Making on the go gets easier every year. With your hacking parts bundled with a computer, you travel to class, the makerspace, or a friend's house and build your favorite circuits. Up to noe, this probably meant carrying around a bulky laptop. But the weight and the value of your primary computing device probably makes that option unappealing ("if my Macbook or laptop were to break, I'd be sunk!").

Fortunately you have some great alternatives today at very reasonable price points. Android tablets with modern versions of the Android operating system can be found below $200. In addition, there is a new crop of modern tablets powered by the Intel Bay Trail CPU and run full versions of Windows 8.1 (not the restricted Windows RT system). You can opt for the full Surface Pro system but that is nearly as bulky as an ultrabook. New 7" and 8" class tablets with high definition screens ("more pixels than retina"), make a much more portable alternative.

With a full Windows system, you have the gamut of developer tools at your fingertips. The Arduino IDE runs well and you can access code from the web, from the cloud, or locally.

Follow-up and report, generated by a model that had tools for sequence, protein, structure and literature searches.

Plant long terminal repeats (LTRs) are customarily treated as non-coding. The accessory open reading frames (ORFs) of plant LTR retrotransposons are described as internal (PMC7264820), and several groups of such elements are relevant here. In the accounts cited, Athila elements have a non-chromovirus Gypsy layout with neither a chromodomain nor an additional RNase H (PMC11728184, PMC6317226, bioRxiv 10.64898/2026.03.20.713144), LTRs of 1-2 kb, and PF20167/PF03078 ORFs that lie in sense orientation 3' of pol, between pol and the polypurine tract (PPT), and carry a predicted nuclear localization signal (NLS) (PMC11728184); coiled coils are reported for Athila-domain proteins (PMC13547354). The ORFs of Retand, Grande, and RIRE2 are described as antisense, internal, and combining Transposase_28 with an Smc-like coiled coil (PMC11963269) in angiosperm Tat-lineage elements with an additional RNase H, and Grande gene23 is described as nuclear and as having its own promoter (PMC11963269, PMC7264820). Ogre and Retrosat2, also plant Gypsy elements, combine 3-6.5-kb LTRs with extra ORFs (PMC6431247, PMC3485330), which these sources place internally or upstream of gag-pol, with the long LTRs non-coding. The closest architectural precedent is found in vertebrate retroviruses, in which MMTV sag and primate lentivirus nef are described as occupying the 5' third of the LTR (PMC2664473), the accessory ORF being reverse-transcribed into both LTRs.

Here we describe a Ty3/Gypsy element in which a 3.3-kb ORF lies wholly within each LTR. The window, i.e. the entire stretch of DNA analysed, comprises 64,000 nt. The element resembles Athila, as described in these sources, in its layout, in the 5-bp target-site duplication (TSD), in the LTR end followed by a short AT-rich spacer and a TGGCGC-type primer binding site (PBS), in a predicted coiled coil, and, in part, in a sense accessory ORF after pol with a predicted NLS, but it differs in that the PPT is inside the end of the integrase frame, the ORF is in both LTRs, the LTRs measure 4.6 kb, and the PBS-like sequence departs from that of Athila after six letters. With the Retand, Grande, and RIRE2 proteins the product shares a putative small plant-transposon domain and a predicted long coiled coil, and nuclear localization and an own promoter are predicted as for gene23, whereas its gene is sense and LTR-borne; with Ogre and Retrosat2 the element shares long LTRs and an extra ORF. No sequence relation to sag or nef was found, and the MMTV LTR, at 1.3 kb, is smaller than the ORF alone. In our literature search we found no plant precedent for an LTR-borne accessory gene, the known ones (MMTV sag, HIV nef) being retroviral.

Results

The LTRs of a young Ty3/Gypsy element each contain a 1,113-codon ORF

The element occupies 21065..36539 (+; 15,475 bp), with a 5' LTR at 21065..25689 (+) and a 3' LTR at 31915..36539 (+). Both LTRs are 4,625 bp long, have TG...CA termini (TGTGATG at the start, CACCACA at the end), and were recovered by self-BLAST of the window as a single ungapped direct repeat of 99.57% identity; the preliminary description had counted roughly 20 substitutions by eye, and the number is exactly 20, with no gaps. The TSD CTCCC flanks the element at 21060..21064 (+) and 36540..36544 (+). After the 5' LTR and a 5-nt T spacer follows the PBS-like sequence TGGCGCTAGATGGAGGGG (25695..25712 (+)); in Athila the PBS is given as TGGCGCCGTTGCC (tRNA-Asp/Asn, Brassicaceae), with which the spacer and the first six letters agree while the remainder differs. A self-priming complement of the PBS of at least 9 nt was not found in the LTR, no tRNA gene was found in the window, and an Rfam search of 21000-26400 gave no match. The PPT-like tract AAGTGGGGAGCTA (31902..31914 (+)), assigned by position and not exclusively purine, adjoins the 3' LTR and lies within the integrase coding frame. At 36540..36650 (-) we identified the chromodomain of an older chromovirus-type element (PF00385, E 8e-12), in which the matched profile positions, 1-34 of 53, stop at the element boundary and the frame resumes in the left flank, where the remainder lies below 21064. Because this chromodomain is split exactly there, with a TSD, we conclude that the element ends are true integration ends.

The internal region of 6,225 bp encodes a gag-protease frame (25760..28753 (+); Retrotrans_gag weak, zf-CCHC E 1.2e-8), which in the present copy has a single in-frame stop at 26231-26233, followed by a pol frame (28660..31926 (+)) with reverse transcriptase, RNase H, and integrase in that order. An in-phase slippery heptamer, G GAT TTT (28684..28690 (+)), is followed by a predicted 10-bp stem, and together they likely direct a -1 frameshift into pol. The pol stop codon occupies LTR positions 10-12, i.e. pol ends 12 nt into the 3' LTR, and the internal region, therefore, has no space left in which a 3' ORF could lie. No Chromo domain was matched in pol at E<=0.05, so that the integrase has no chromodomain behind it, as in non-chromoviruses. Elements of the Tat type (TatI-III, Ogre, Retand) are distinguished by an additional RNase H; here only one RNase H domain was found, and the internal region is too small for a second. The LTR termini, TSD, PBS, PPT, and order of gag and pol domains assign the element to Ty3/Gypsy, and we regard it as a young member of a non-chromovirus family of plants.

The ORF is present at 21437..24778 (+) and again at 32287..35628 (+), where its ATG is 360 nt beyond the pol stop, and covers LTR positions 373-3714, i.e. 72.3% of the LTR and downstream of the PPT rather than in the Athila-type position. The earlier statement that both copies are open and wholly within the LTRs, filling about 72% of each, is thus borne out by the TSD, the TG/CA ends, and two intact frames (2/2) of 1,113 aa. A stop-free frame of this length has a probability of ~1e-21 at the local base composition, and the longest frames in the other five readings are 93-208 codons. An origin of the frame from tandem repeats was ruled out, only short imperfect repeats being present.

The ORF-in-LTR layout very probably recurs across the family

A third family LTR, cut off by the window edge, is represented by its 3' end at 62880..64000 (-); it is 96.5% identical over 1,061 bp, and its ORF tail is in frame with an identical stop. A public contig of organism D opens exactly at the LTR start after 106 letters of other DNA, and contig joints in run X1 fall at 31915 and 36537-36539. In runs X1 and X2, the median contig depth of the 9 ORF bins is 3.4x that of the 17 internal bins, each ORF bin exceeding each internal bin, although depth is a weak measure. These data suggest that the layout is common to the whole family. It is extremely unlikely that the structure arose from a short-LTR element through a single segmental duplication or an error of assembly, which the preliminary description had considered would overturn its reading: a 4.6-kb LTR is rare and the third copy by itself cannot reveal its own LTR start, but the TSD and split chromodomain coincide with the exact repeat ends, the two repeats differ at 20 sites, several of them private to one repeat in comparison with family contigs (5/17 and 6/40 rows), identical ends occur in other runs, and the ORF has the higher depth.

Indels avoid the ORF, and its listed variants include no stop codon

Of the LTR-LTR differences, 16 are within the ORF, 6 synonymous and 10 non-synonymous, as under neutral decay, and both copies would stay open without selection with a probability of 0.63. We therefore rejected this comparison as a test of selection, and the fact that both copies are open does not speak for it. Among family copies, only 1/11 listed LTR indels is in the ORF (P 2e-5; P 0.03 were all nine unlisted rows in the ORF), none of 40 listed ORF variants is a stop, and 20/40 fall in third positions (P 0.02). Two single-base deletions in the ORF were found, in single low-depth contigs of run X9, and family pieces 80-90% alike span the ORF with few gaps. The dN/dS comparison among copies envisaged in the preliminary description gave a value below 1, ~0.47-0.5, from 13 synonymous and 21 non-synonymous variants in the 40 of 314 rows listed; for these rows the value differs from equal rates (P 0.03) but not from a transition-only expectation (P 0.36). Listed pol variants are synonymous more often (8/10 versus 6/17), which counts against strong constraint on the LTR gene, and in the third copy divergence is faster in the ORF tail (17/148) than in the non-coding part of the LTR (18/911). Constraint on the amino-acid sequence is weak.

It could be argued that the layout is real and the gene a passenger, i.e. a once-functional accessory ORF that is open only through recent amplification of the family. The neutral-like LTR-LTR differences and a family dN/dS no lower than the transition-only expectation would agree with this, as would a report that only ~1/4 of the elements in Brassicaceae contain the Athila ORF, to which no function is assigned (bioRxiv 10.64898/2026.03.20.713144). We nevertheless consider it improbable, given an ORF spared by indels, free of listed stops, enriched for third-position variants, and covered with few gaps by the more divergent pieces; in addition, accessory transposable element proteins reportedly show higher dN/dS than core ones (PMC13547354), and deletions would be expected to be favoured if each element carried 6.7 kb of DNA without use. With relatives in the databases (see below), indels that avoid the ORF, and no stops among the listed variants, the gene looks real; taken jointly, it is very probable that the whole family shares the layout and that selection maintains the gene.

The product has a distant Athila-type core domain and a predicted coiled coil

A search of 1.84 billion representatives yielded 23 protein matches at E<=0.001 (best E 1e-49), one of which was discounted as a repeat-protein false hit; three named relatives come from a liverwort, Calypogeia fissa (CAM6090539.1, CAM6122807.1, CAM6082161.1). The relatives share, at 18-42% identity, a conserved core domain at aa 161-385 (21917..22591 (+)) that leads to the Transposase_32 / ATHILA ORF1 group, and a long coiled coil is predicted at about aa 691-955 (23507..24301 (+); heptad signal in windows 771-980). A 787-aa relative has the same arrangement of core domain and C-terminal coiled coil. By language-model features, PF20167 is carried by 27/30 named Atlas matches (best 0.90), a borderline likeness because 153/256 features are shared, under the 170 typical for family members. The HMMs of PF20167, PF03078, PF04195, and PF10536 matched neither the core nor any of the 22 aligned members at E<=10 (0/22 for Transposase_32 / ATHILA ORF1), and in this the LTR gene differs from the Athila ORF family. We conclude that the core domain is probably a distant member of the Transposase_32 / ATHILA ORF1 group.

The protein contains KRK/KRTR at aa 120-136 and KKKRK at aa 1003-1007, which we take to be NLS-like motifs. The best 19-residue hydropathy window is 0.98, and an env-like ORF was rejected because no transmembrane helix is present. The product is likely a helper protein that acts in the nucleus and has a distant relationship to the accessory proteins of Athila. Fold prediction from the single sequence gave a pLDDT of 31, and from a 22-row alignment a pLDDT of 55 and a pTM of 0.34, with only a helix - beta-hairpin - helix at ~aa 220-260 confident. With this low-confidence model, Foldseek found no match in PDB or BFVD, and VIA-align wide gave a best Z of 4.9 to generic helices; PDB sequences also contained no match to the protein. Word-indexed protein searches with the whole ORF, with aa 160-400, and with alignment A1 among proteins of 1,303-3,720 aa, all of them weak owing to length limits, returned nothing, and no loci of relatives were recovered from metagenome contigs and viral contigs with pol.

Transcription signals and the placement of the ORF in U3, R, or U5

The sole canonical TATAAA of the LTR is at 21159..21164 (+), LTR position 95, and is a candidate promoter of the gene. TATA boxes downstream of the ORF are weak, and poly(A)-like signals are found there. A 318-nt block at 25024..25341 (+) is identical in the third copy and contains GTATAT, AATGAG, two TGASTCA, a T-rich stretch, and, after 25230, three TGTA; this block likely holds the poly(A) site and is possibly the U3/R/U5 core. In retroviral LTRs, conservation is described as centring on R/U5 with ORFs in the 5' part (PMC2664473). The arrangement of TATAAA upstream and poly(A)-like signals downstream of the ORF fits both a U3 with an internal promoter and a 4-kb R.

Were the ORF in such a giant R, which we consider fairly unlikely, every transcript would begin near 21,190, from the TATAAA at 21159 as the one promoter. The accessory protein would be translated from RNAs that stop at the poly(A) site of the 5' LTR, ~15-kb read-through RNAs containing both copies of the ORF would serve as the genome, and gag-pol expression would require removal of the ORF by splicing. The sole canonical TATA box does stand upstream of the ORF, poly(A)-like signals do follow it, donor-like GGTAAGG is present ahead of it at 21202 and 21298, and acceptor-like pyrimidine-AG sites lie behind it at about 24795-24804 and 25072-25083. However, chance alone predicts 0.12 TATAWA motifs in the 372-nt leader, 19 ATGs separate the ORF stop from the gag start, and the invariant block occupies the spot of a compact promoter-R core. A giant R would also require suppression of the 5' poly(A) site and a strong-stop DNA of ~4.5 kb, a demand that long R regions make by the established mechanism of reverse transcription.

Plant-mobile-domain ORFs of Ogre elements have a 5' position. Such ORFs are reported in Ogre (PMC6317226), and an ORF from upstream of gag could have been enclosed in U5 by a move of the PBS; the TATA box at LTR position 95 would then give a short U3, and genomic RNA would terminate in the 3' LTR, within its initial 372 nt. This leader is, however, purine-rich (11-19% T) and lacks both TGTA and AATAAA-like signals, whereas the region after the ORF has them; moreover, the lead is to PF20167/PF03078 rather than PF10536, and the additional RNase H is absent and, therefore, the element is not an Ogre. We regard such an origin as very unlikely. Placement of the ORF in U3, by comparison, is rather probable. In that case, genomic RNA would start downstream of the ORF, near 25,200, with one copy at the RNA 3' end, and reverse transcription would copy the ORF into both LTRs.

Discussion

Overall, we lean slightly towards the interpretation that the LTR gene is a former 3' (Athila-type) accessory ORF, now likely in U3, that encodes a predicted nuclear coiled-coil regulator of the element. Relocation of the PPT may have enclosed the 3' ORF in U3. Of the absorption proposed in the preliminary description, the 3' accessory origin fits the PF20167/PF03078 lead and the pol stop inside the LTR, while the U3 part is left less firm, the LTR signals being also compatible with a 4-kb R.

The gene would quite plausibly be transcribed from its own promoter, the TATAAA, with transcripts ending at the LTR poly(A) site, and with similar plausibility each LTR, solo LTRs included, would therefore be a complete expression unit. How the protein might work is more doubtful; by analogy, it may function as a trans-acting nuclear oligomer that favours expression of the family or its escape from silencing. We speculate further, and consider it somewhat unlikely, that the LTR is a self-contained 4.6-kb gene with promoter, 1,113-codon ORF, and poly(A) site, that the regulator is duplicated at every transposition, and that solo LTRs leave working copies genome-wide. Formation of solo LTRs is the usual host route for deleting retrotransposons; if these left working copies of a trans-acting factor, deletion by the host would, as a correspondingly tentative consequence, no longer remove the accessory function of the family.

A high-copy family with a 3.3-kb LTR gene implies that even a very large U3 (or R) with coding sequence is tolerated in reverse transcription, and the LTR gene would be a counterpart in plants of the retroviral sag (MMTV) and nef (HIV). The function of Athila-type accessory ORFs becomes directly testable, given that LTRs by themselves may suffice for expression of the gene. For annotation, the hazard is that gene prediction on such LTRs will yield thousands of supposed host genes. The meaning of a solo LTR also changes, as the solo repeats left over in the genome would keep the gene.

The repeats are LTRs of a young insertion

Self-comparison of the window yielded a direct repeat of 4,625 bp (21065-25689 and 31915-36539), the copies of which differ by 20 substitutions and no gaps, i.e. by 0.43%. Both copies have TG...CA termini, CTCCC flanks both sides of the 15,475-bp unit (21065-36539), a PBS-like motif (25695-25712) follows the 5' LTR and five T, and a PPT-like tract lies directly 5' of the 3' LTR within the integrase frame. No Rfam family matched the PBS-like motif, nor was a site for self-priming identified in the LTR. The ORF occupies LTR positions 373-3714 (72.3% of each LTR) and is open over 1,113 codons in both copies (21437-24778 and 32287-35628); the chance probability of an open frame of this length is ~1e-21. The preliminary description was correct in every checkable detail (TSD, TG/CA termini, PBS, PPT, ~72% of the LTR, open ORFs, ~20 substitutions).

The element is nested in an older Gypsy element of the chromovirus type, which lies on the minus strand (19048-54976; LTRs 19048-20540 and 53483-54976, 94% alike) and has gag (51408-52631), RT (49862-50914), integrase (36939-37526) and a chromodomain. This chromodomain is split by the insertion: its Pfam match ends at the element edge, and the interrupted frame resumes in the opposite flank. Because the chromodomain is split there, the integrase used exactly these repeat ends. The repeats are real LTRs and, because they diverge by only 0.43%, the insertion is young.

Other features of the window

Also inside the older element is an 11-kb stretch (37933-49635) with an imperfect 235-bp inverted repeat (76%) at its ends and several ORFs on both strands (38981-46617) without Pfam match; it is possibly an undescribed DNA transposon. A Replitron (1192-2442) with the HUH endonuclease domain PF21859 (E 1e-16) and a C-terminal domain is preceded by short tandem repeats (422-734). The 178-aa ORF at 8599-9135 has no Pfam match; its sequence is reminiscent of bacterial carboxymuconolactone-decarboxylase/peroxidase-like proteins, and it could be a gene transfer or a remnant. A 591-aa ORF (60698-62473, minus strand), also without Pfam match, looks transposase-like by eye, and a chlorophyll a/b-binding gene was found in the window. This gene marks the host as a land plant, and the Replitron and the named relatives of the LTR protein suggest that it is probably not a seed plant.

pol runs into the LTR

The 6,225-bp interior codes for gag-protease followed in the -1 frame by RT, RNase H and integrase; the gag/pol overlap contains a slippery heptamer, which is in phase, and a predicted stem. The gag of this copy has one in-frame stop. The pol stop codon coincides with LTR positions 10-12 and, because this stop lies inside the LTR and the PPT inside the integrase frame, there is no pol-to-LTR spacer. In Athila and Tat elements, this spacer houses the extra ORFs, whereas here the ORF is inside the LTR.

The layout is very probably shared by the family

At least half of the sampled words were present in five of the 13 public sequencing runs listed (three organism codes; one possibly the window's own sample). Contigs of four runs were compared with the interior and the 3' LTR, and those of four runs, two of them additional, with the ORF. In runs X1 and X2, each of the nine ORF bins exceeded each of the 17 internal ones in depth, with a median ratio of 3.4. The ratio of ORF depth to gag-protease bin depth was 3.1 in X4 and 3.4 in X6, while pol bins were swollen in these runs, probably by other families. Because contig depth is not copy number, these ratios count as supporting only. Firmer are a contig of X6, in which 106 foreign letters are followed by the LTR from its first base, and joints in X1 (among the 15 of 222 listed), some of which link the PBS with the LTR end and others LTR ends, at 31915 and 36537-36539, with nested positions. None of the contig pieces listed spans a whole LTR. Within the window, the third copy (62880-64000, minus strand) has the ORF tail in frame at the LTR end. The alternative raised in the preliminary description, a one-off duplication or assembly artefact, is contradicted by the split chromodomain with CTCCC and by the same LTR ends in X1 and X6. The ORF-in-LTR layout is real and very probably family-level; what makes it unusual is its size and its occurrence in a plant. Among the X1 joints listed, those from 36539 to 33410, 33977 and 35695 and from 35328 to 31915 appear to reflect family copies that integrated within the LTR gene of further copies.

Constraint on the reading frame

With Android, you cannot directly install code from the Arduino project as Android is not a supported operating system. But there are programmers porting the Linux versions to Android.

The main method to communicate from tablet to microcontroller is the USB port. Tablets most often have microUSB ports conforming to the portable OTG (On the Go) specification which is great as they can act as serial ports for peripherals or as mains to control things. A simple OTG cable, available in the Adafruit shop, allows the tablet to communicate with outside devices. For an Arduino Uno, you can then use the regular (or 6 inch) A to B cable. Other boards may require mini or micro USB cables. The OTG cable provides a standard size A socket, making mating cables straightforward.

An appealing alternative to cables is Bluetooth. For Windows, we'll cover programming an Arduino Uno wirelessly via the Adafruit Bluefruit EZ-Link board and shield.

These tablets are photographed with the Arduino Uno and LadyAda's Bento Box, a portable "hack and pack" solution. Bento makes a great carry case for your projects and is about the same size as these new tablets.

If I'm a total newbie to Arduino, how do I understand Arduino basics?
Adafruit's Learn Arduino series is the perfect place to start learning Arduino basics.

This guide was first published on Jan 03, 2014. It was last updated on Mar 08, 2024.

This page (Overview) was last updated on Mar 08, 2024.

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